Leading Change in Higher Education header

Dear Members of the UW Community,

As we start the year, I want to take a moment to welcome you back for another academic year.  I’d also like to highlight last year's efforts to address issues around teaching and technology and to give you a preview of what’s next as together we tackle even broader issues around learning experiences that prepare our students for success in their classes, careers, and communities. I look forward to hearing from you, learning from you, and working with you to lead change in public higher education—change built on our enduring strengths.

Putting Learning First

Teaching and Technology: From Hype to How-Tos

The rapid rise of massive online open courses (MOOCs) and other potentially game-changing technologies has sparked a national conversation about technology-enhanced learning. The broader dialogue includes voices forcefully asserting that new technologies are ruining the best aspects of education, that technology in the classroom is the cure to what ails us, and everything in between.

Last year, we set out to examine these claims. Our goal was to work with faculty and staff to determine the pros and cons of online and hybrid instruction, and to identify methods that align technology with research-based pedagogy. The result was a series of reports that reviewed current literature about student learning and shared how educators across all three UW campuses are using diverse approaches—low- and high-tech, online and face-to-face, incremental and extensive—to help students learn. The reports also provided specific how-tos for instruction, and pointed to resources for faculty and staff to help them participate, experiment, and learn more.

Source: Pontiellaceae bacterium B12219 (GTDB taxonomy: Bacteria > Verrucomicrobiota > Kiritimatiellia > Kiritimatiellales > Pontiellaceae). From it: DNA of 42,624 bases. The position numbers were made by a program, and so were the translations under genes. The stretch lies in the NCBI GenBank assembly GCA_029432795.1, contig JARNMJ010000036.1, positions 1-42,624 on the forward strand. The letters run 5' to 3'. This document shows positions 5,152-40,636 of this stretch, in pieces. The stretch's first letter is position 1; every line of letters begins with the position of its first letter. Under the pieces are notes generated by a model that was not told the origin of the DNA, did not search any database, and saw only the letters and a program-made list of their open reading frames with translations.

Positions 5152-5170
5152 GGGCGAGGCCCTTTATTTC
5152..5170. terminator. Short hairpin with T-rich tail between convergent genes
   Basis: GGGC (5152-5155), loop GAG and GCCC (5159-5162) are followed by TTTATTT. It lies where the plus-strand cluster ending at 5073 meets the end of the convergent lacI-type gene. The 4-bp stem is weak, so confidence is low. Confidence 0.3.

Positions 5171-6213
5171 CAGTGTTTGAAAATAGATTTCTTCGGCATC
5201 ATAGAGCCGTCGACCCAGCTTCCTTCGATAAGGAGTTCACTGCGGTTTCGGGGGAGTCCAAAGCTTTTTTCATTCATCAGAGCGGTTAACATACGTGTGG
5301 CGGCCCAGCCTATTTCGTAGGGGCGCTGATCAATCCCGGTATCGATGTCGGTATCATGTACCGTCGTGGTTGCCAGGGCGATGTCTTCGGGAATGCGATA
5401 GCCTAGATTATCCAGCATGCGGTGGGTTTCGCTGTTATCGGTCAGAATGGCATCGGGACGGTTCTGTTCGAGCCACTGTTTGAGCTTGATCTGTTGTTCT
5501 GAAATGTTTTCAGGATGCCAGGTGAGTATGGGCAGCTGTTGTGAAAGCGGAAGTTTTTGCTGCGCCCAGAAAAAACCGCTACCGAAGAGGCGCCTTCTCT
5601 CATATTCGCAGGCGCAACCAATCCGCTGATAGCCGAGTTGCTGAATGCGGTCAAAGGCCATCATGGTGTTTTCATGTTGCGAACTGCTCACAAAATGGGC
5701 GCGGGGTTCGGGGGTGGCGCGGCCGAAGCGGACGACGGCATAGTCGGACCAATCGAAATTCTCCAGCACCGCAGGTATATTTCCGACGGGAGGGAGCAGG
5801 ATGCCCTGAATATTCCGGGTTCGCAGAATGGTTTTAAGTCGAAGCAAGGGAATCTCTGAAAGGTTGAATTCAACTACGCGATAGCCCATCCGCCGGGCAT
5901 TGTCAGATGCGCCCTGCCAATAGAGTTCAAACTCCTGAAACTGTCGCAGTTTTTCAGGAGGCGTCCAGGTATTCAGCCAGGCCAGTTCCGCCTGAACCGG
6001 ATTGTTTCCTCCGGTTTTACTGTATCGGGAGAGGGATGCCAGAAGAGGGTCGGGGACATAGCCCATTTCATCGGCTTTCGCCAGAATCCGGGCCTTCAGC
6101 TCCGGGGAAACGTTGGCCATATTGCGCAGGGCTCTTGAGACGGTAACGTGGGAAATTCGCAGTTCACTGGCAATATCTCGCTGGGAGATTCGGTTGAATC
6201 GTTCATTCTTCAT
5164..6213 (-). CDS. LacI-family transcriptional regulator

New Resources for Teaching with Technology

UW students concept mapping Along with the reports, leaders on all three campuses have joined me in promoting efforts to help faculty explore and implement new ideas around teaching, learning, and technology. Through the Teaching & Learning in the 21st Century Initiative, we tested emerging technologies such as MOOCs and eTextbooks and introduced tools like Tegrity for capturing lectures and the Canvas Learning Management System. UW Tacoma is developing ways to use learner-based analytics to send personalized support to students, and has received national attention for a pilot program that gives students "nudges" on their mobile devices to help them stay on track in online classes. We piloted a “flipping the classroom” project to foster rich conversations and experimentation about active learning among faculty, while UW-IT’s Ignite! sessions and the Teaching & Learning Symposium’s keynote panel featured faculty sharing their classroom innovations. We brought educators together in a variety of Faculty and Professional Learning Communities (FPLCs) hosted by the Center for Teaching and Learning (CTL), opened technology-enhanced active learning classrooms in Odegaard Undergraduate Library, and added a new Distinguished Teaching Award for Innovation. UW Tacoma updated the approval process for online courses to rubric-based peer review. UW Bothell hosted an ePortfolio conference, and initiated the Worthington Innovation Fellows program, which in 2013–2014 is supporting seven new projects, including teaching with mobile devices, developing a remotely accessible electrical engineering laboratory, and exploring credentialed learning in systems such as MOOCs.

We also offered intensive hybrid and online course development institutes on all three campuses for faculty. UW Tacoma iTech Fellows developed courses for a hybrid EdD and an online Criminal Justice degree, among others. Faculty who participated in the 2013 UW Bothell Hybrid Course Development Institute experienced learning in a hybrid environment as they developed their own hybrid and online courses. Thanks to a generous private donation, a new Technology Teaching Fellows Institute in Seattle provided support to more than 30 faculty during Summer 2013 and will be offered again in Summer 2014. Faculty response was overwhelmingly positive. “The institute was great. I couldn’t have redesigned my course without this,” said Betsy Evans, Assistant Professor of Linguistics at UW Seattle.

August 2013 TTFI 5in.jpgSnapshot: Teaching with Technology Fellows Explore New Ways to Present Class Content
Rawi Nankul, UW-IT Graduate Student Assistant (center), works with UW Seattle faculty members Louisa Mackenzie, Associate Professor of French and Italian Studies (right), and Ben Marwick, Assistant Professor of Anthropology (left), during the 2013 TTF Institute, held in the new active learning classrooms in Odegaard Undergraduate Library.